The Grumman Widgeon stalled at 200 feet above the water, with only a small buffet from the wing to signal the event. The pilot, cognizant that the amphibian’s design excluded any kind of stall warning device, constantly monitored his airspeed – especially when low – to mitigate the risk of a stall. And yet, even with the airspeed indicating above-stall, a classic stall/spin event was unfolding. The pilot was quick to apply power and lower the nose, but his actions came too late, the altitude was just too low. The Widgeon impacted the water, left wing first, with such force that a post-crash fire ensued. The pilot was seriously injured, along with one of the two passengers. The airplane eventually sank and was never recovered.
This unfortunate accelerated-stall accident occurred during a photo shoot of a sailboat race. The physics in play that day apply to many loss-of-control accidents, one of the leading causes of GA fatalities according to the General Aviation Joint Steering Committee. How can this be? From day one of their training, students are drilled on the disastrous outcomes of stall/spin accidents, and how to prevent them. Furthermore, stall recognition-and-recovery is a big part of recurrent training, especially in Part 142 schools. And still, these accidents continue to occur.
The explanation is largely rooted in an incomplete understanding of the dynamic nature of lift required to maintain controlled flight. While airspeed is a significant factor, it alone is a relatively poor predictor of lift. And yet, airspeed is the primary metric that most GA pilots lean on to assess their margin and predict how close the airplane is to stalling. To more precisely determine how much of the wing’s lifting capacity is consumed, the wing area, weight, temperature and altitude (for establishing air density), load factor, and center of gravity must all be included in the calculation.
A much better indicator of lift capacity is the Angle of Attack (AOA), the angle between the wing chord and the relative wind. This angle precisely correlates with the coefficient of lift (CL), the inverse of which is the lift capacity remaining. Knowing the lift capacity remaining means knowing how close the airplane is to a stall at any time (CL Max). As CL increases toward CL Max, the lift capacity remaining decreases, reducing the margin of safety. At CL Max all the available lift capacity is consumed and the airplane is at risk for a stall, potentially leading to a loss of control event. Conventional AOA instruments, typical of airliners, business jets, and military airplanes, monitor such conditions as air pressure, temperature, weight, CG, and load factor, and often employ a complicated exterior vane sensor that literally measures the angle. These systems work well, but they are expensive and difficult to retrofit, largely the two reasons they have not enjoyed much success in the single-engine piston and twin markets.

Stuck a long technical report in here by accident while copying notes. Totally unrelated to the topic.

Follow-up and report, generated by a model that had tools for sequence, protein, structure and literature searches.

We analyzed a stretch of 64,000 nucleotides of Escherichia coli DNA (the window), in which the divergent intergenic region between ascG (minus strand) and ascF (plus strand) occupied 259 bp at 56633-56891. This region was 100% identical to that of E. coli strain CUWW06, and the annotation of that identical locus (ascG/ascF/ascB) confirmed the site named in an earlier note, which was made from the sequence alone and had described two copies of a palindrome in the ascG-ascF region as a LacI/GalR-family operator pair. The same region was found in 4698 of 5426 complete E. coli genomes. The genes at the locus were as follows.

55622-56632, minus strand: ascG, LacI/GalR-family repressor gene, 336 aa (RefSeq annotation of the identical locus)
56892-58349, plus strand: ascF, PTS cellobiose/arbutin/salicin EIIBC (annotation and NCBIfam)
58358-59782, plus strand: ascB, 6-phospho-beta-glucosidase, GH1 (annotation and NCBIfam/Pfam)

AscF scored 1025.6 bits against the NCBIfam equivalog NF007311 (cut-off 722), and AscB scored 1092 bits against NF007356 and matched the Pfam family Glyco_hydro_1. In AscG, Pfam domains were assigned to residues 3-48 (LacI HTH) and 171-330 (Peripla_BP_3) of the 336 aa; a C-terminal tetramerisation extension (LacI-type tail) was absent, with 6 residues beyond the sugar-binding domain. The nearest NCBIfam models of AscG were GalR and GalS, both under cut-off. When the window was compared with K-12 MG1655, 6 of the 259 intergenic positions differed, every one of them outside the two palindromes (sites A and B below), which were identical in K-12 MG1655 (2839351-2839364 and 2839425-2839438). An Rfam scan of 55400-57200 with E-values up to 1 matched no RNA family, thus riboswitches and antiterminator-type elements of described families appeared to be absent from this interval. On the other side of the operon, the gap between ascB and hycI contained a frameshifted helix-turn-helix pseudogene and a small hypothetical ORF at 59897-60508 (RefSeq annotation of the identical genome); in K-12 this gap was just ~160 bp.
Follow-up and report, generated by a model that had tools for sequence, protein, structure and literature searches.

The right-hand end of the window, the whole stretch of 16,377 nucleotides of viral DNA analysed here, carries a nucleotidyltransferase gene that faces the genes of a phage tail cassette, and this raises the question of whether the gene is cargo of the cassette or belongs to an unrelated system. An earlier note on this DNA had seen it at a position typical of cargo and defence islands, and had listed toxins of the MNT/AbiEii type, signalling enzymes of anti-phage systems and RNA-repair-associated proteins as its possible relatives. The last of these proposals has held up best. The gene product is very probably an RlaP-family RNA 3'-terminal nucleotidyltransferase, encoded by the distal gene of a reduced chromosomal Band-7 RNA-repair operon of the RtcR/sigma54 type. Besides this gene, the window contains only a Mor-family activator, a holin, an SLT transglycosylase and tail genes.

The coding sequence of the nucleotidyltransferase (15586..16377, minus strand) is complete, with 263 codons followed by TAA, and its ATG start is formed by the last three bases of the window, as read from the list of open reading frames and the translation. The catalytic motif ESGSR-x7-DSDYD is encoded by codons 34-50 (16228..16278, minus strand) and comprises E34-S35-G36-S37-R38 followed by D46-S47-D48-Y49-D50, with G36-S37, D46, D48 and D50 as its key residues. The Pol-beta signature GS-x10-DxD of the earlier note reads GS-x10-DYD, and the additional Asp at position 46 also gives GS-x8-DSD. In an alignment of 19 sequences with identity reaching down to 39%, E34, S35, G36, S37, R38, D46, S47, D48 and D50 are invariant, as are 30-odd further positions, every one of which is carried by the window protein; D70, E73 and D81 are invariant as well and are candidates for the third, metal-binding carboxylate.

A New Day For AOA
Fortunately, change is in the wind. A new series of GA-targeted AOA products has recently emerged, including the latest innovation from Aspen Avionics. Unique among the lower-cost offerings, the Aspen AOA software integrates into the Evolution EFD 1000 PFD and MFD and requires no vanes, special pressure sensors, or component displays. Instead, the system leans on airspeed, temperature, altitude, pitch, and acceleration information provided by the EFD 1000’s ADC and AHRS, along with some simple weight and V-speed parameters unique to the aircraft. And rather than measuring AOA to determine CL, the Aspen product calculates the coefficient directly. Ironically, angle of attack, in the sense of relative wind and wing chord, does not play a direct role in the calculation. This 100% software upgrade retails for around $1,900 – a bargain compared to the big airplane products. But the question begs, does the system really work?
In pursuit of an answer, we purchased the software upgrade for the installation in our 1944 G44 Widgeon. We chose the Widgeon not only to redeem its namesake but because, like most airplanes built before 1950, the Widgeon has no stall warning device whatsoever. Furthermore, the airplane, a complex, heavy piston twin amphibian with a symmetrical wing and flaps, promised to test the full envelope of support offered by Aspen. Our Widgeon already benefitted from a single Aspen Evolution PFD, so, in theory, the installation would require no more than a download and memory card reprogramming. In reality, the installation process required starting with a version of Evolution base software that was compatible with the unlocking software used to enable the AOA functionality. It turns out some versions (ironically, the newer ones) were not recognized by the unlocking software, a problem that has since been corrected. Once this was sorted out, our avionics technician was able to successfully complete the installation.